Also, when fishing rocky structures with a higher snag risk, a longer rod will give me more leverage to free the line and retrieve my terminal tackle.
Short rods, on the other hand, will cast fine and allow me to deploy baits where I need in most cases. But when things happen (a bite, a snag, or a battle), a short rod will give me less control and less power.
Ok, I get it. But what is considered a short surf rod ?
Based on my experience and what I see other experienced anglers use, I believe that 9ft (2.75 meters) is the minimum length you should have when surf fishing.
This is what you need in order to be in total control of the other end of the line, and be able to hookset and fight fish effectively.
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Also, this size will allow you to reach the first and second (or even the third) sandbar of most beaches, and this is where you need to be if you are looking for hungry sizeable fish.
Anything less than 9 ft may be fine and can work well in many cases, but it can also be counterproductive and hurt your hook setting and fighting capabilities, especially during choppy weather and surf conditions, and when targeting large fish.
On top of that, and depending on where you are fishing, a pole shorter than 9ft may not be enough to reach the second sandbar, and you will be limited to the first one only, which can sometimes be deserted, especially when the beach is crowded and when a lot of people swim and surf nearshore.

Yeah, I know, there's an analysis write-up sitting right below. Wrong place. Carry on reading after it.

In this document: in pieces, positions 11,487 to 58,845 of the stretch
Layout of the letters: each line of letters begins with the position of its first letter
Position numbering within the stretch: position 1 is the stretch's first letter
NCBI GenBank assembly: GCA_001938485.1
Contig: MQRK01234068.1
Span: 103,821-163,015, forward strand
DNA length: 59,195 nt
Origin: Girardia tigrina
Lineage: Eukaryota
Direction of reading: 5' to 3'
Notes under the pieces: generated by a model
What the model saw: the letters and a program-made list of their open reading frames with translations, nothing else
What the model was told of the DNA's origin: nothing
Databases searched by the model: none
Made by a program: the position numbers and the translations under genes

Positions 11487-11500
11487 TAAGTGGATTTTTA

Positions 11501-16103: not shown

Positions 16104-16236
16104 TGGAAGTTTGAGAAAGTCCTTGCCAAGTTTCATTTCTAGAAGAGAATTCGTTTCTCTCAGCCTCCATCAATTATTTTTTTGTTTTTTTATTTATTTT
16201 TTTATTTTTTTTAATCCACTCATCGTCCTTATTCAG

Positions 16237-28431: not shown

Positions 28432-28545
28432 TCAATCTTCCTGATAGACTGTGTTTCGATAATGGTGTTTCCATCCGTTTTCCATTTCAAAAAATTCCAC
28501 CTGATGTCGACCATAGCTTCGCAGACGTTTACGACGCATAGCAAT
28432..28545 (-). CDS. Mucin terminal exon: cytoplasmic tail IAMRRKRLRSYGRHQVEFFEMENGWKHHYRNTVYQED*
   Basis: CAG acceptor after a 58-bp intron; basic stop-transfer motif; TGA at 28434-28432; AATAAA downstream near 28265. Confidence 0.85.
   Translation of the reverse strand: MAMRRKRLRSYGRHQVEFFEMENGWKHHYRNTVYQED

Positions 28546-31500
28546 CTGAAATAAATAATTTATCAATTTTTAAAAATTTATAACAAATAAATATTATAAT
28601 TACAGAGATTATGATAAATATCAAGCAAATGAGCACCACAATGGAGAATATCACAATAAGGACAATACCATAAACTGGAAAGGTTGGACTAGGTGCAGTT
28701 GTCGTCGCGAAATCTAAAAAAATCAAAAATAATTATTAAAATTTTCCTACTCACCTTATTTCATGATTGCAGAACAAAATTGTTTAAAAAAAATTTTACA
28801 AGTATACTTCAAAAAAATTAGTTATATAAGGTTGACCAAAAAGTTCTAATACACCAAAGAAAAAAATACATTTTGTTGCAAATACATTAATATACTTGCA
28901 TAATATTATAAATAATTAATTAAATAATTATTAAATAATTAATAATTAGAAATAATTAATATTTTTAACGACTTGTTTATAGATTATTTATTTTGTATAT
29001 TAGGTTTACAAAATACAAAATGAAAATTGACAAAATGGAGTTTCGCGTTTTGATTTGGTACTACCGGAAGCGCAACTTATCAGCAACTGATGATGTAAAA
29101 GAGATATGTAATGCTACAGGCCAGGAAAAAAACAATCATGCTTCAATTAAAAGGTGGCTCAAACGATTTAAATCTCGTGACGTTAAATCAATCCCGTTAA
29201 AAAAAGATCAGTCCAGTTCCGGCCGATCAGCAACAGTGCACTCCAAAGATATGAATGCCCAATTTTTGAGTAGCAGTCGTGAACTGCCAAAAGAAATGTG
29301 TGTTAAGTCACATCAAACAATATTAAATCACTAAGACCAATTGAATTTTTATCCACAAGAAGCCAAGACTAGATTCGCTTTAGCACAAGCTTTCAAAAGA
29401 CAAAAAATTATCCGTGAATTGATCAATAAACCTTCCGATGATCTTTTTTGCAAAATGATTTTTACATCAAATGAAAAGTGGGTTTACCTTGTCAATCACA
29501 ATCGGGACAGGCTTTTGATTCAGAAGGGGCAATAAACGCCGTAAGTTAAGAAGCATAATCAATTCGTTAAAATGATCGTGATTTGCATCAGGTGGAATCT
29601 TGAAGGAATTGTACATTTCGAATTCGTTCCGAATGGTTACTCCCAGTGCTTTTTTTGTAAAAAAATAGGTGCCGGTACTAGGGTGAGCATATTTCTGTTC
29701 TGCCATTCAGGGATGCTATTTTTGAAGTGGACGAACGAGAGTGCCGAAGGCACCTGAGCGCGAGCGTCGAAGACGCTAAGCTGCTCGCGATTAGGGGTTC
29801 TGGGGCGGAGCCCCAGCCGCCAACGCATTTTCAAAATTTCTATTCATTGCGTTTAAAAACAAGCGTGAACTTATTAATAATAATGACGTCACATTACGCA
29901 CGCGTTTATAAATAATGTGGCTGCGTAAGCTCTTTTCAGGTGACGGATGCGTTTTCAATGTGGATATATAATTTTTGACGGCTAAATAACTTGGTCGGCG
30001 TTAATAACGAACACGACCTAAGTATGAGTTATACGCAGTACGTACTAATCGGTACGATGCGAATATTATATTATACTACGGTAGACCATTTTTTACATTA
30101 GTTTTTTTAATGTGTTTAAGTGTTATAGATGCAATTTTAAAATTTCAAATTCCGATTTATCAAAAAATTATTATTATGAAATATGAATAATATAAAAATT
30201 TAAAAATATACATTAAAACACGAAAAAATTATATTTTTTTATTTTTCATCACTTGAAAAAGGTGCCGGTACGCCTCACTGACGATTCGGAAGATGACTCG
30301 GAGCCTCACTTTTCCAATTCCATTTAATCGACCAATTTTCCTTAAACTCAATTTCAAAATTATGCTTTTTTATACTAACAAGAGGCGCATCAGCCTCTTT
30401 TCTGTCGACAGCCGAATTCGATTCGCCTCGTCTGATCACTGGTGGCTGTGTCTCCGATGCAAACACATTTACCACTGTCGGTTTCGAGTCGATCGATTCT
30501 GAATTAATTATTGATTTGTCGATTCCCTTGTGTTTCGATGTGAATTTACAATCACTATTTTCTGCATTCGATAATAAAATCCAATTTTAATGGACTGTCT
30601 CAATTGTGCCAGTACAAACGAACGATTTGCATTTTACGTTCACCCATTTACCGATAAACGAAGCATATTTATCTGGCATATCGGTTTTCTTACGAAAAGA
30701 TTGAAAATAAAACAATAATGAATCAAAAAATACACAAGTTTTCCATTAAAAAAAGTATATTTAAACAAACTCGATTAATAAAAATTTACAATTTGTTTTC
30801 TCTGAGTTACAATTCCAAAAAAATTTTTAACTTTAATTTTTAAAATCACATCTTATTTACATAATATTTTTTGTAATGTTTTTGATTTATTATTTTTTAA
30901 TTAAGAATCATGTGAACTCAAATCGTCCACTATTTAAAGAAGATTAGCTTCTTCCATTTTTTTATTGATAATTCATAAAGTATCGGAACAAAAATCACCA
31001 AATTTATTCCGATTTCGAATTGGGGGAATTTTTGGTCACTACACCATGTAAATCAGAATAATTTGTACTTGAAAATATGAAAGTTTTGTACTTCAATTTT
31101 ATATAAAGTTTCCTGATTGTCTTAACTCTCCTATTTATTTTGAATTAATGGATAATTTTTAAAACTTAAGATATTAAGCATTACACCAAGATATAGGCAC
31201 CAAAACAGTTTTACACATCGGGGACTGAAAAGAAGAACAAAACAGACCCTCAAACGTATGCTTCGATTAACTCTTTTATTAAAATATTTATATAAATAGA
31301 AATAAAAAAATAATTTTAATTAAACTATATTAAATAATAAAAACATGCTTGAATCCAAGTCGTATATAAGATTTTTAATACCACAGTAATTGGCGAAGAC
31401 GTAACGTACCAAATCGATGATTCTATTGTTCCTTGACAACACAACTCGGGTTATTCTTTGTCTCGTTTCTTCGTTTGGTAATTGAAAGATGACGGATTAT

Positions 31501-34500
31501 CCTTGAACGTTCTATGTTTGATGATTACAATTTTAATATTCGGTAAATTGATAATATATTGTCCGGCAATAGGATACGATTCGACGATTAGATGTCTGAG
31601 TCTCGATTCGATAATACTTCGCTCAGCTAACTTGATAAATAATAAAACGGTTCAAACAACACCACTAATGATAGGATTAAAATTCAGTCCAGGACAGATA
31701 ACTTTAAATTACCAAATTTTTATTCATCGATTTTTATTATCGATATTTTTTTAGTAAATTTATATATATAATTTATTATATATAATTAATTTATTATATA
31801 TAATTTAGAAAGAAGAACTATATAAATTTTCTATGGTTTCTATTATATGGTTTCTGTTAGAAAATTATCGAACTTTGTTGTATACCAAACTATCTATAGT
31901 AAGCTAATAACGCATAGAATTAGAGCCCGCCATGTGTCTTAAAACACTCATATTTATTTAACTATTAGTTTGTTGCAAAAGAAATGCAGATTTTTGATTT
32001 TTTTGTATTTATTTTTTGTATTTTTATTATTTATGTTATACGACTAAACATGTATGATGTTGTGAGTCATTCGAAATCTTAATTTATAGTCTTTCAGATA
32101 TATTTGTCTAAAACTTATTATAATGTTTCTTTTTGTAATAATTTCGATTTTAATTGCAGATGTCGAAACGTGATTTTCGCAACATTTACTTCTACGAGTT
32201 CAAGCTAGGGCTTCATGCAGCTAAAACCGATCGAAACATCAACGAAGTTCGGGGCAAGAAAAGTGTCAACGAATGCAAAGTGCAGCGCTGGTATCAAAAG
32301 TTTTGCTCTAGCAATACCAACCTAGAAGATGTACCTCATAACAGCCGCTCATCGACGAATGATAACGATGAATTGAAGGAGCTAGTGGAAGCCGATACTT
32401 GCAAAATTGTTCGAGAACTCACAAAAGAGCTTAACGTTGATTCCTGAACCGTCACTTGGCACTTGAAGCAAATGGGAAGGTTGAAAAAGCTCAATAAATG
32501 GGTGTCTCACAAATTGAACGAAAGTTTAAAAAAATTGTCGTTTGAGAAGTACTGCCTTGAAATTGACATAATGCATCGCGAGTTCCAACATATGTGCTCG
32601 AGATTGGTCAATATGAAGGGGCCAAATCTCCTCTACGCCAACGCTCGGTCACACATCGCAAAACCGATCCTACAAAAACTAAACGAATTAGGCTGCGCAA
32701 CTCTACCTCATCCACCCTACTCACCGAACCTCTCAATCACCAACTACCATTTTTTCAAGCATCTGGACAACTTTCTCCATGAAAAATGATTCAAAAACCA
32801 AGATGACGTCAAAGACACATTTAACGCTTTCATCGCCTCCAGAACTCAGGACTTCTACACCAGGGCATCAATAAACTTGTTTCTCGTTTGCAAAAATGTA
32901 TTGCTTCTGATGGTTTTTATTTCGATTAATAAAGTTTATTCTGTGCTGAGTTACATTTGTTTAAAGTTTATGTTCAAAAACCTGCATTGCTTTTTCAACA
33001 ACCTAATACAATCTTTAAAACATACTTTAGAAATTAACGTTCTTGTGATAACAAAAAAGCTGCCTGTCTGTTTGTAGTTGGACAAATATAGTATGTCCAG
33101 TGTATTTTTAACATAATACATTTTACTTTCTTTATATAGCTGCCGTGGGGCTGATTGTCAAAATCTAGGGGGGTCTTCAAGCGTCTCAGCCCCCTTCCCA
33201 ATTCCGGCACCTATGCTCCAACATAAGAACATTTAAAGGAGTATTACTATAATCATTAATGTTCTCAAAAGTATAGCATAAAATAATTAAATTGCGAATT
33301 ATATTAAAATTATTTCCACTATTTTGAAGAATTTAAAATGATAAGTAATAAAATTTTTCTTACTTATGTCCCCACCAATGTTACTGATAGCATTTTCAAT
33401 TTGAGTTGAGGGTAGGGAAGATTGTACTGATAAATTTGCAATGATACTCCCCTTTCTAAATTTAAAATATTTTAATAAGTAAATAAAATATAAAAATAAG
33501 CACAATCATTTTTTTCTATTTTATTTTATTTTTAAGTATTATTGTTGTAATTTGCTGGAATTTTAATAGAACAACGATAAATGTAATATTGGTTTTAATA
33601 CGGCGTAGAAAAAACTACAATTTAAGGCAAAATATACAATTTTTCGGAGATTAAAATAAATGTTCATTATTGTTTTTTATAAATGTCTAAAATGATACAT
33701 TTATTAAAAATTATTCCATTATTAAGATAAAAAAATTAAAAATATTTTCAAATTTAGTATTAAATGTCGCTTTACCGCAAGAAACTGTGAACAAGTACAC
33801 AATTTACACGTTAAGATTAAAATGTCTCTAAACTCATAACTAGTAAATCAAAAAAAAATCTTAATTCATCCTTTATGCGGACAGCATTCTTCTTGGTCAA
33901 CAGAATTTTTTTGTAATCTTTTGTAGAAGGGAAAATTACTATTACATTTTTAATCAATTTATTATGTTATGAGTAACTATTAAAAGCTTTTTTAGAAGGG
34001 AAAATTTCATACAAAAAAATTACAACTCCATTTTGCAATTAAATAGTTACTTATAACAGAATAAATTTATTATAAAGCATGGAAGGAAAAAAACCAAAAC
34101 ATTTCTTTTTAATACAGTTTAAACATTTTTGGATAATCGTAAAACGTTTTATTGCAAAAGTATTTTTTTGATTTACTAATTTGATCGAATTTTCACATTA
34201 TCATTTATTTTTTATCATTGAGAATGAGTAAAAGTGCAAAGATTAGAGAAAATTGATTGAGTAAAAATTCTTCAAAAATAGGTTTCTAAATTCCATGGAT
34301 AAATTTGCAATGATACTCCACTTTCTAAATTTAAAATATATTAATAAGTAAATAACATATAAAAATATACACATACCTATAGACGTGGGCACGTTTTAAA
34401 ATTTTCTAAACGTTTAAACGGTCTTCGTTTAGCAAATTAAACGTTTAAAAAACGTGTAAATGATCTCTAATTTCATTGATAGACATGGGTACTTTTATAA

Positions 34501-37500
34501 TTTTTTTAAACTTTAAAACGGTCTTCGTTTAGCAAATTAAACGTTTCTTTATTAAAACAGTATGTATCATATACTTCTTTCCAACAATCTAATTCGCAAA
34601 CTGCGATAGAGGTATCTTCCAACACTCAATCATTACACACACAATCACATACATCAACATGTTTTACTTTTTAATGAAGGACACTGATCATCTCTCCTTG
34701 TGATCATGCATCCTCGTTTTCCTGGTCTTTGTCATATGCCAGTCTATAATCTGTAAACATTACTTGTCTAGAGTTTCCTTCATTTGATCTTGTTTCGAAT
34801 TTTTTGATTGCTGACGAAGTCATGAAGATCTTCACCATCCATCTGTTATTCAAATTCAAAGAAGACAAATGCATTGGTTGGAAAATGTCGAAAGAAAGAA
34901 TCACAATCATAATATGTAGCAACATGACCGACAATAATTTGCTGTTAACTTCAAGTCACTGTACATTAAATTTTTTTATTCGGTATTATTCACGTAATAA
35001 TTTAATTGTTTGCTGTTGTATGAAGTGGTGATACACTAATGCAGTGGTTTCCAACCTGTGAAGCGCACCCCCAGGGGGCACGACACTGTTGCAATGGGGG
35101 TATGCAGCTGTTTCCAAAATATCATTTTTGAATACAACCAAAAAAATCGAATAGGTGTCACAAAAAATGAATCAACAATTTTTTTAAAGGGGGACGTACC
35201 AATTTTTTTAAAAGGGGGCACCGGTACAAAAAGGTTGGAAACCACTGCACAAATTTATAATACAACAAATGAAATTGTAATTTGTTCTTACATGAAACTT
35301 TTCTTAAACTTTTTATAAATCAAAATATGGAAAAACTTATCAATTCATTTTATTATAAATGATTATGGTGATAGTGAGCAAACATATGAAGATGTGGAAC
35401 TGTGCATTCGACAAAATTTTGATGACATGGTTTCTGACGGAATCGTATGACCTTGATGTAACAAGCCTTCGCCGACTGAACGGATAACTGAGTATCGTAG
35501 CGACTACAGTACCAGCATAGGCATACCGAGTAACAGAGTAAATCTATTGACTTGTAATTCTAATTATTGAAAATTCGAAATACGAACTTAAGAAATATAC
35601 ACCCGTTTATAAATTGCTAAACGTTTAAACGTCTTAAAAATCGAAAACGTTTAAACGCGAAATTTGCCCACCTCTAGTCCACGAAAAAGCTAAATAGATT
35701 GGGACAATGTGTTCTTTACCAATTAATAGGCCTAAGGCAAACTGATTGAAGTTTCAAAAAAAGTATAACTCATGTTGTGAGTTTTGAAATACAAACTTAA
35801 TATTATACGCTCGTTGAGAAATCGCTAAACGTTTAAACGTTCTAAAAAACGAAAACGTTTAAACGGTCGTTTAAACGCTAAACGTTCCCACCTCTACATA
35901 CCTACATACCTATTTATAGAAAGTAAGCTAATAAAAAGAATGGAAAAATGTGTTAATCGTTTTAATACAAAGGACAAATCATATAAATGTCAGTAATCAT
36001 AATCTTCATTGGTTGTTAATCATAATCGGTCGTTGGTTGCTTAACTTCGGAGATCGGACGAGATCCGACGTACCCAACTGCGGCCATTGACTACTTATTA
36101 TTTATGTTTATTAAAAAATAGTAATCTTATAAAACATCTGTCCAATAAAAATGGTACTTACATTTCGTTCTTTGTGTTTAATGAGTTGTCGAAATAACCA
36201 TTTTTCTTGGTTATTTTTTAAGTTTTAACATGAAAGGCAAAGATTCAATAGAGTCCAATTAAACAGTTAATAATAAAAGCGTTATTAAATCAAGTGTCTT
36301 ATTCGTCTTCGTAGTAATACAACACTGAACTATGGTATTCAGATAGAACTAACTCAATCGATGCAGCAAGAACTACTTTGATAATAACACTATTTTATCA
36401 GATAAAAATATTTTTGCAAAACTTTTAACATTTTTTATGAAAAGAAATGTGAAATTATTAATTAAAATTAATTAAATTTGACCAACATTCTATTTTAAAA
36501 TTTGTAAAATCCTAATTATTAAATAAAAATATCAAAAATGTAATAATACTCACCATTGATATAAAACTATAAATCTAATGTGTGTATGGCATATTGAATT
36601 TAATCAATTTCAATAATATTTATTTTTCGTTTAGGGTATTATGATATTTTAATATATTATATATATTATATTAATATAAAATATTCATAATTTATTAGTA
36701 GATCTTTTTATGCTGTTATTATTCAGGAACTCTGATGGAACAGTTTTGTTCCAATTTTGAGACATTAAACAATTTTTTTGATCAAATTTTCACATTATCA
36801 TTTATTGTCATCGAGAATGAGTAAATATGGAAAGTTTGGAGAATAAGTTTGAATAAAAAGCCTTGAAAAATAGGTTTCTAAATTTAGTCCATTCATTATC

In this scenario, and in order to reach more distance, you will be forced to buy waders and wetsuits so you can cast the line while knee-deep in the water.
Yes, this may help you reach the outer sandbars, you may even be able to catch a good amount of fish, but I wonder about the safety, practicality, and pleasure behind the whole process, especially in cold weather and during high waves.
A rod of at least 9ft (2.75 meters) will allow you to change bait and cast faster, target the furthest zones, have more control on the other end of the line, and catch a lot of fish while sitting comfortably on the beach and enjoying the hobby.
Also, instead of buying waders and wetsuits, why don’t you invest that extra money on a longer rod ?
Another last reason why longer is better is that a longer rod will keep the line above the beach passengers so they can walk easily under your rod 😉
The best rod length for surf fishing ?
Now that we know the minimum rod length for surf fishing, it is time to discuss the optimal and best length.